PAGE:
Although seed-seed interactions could play an important role on explaining the alien success, little attention has been paid to interactions between alien and native species at the seed stage. Seed germination and seedling emergence can be affected by the presence of heterospecific seeds in the seed bank (Bergelson & Perry 1989, Lortie & Turkington 2002), where chemicals leached by seeds may be involved (Bergelson & Perry 1989, Murray 1998, Laterra & Bazzalo 1999, Casini & Olivero 2001). Invasion success can also be related to a high germination capability of the invader. Early emergence produces a competitive advantage since early germinated individuals can monopolize resources and attain sufficient biomass for a successful establishment (Miller 1987, Wilson 1988, Verdu & Traveset 2005). Thus, since the importance of the competitive effects of alien plants on native species could differ across their life cycle, a comprehensive understanding of the invasion mechanisms should explore the results of interactions at different life-cycle stages.
Centaurea solstitialis L. (Asteraceae) is an annual or biennial species native to Eurasia that has invaded successfully different regions of the world (Hierro et al. 2006). In Chile, C. solstitialis is distributed across the Mediterranean region of the country (central Chile), and it has been catalogued as a serious weed generating negative impacts on agricultural crops (Matthei 1995). Centaurea solstitialis is generally found on roadsides and old fields, but it has also been observed to grow densely on native shrublands (hereafter the matorral). The Chilean matorral has undergone intense human disturbances since the Spaniard colonization (grazing, burning, clearing, etc.). Disturbed matorrals are savannah-like vegetation where shrub clumps of Acacia caven (Molina) Molina and Baccharis spp. are surrounded by grasslands of weedy native and alien species. In some disturbed matorral stands, C. solstitialis is the dominant species in the herbaceous layer, covering around 40% (Gómez-González, unpublished data). Although the impact of C. solstitialis on native matorral species is unknown, its huge abundance in the herbaceous layer might affect the recruitment of native pioneer shrubs. Field and lab experiments suggest that European forbs can limit the colonization of open areas by Baccharis spp. in the matorral of central Chile (Martinez & Fuentes 1993) and also in shrublands of northern California (Williams etal. 1987, Williams & Hobbs 1989). According to the successional model proposed by Armesto & Pickett (1985) for the Chilean matorral, Baccharis species are key elements for the secondary succession because established individuals in open areas could act as "facilitators" of other late successional species, favouring the regeneration of the vegetation after a disturbance. Hence, it is important to evaluate whether the presence of C. solstitialis negatively affect the seedling emergence and performance of Baccharis species, and to detect the life-cycle stage of the invader at which it has the stronger effects. This information could be useful for future management and restoration of matorral areas currently invaded by C solstitialis.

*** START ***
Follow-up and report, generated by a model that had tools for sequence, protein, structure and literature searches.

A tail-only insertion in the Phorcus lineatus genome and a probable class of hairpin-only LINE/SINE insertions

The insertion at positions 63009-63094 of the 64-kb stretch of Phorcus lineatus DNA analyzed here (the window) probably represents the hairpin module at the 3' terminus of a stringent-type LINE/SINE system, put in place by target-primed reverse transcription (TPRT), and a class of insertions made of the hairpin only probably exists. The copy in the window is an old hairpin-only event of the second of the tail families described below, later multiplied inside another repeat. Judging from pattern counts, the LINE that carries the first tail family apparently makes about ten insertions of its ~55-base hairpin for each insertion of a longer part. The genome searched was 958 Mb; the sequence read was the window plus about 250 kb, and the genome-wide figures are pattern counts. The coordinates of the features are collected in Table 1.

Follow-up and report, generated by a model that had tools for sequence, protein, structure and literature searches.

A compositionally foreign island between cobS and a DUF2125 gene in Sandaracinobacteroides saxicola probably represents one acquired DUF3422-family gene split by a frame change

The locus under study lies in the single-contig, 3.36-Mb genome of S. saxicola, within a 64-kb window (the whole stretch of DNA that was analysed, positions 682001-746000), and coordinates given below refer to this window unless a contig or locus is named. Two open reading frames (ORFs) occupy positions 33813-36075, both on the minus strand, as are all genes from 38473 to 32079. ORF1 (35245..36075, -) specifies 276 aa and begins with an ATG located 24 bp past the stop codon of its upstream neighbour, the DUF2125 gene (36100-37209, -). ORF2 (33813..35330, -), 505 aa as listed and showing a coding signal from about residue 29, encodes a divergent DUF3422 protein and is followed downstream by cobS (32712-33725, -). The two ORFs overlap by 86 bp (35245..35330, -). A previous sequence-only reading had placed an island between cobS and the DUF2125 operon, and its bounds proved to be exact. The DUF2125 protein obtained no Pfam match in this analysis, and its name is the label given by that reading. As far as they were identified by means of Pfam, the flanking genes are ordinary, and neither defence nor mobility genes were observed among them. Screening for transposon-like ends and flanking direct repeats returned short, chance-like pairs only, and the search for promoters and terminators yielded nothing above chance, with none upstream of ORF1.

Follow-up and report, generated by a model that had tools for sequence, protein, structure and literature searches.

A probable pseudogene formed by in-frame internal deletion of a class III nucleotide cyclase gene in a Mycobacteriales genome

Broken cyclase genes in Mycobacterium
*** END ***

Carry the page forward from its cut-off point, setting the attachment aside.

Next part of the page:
In this study we take the following questions into consideration: i) which are the competitive effects of C solstitialis on Baccharis species at different life-cycle stages? and ii) in what kind of interaction (seed-seed, plant-seed or plant-plant) is the invader more harmful for Baccharis species? To answer these questions we evaluated under controlled conditions the competitive interactions between C. solstitialis and two Baccharis species: B. linearis (Ruiz et Pav.) Pers. and B. paniculata DC. (Asteraceae). We performed pair-wise experiments to explore: 1) seed-seed effects, 2) plant-seed effects, and 3) plant-plant effects. These experiments involved almost the whole life cycle of C. solstitialis and the early life-cycle stages of Baccharis species, in order to simulate the natural situation in which the invader might affect the seedling establishment of these two pioneer native species.
MATERIALS AND METHODS
Centaurea solstitialis is a facultative winter annual species (sometimes biennial or short-lived perennial from a tap root). It produces rosette leaves that lie close to the ground, and erect stems 0.15-2 m in height. Centaurea solstitialis has a large taproot that grows to soil depths of 1 m or more (Sheley et al. 1993). The yellow flowerheads produce two types of achenes (hereafter seeds); most of them (75-90%) have a short pappus but some achenes have no pappus (mainly at the periphery of the flowerhead). Large plants can produce nearly 75,000 seeds with 87.6 to 95.2% of viability (Maddox 1981, Benefield et al. 2001). In C solstitialis infestations, seed density in the soil can range from 3,000 to 10,000 seeds per square meter (Sheley & Larson 1994, DiTomaso et al. 1999), and seedbank longevity can be as long as 10 years (Callihan et al. 1993).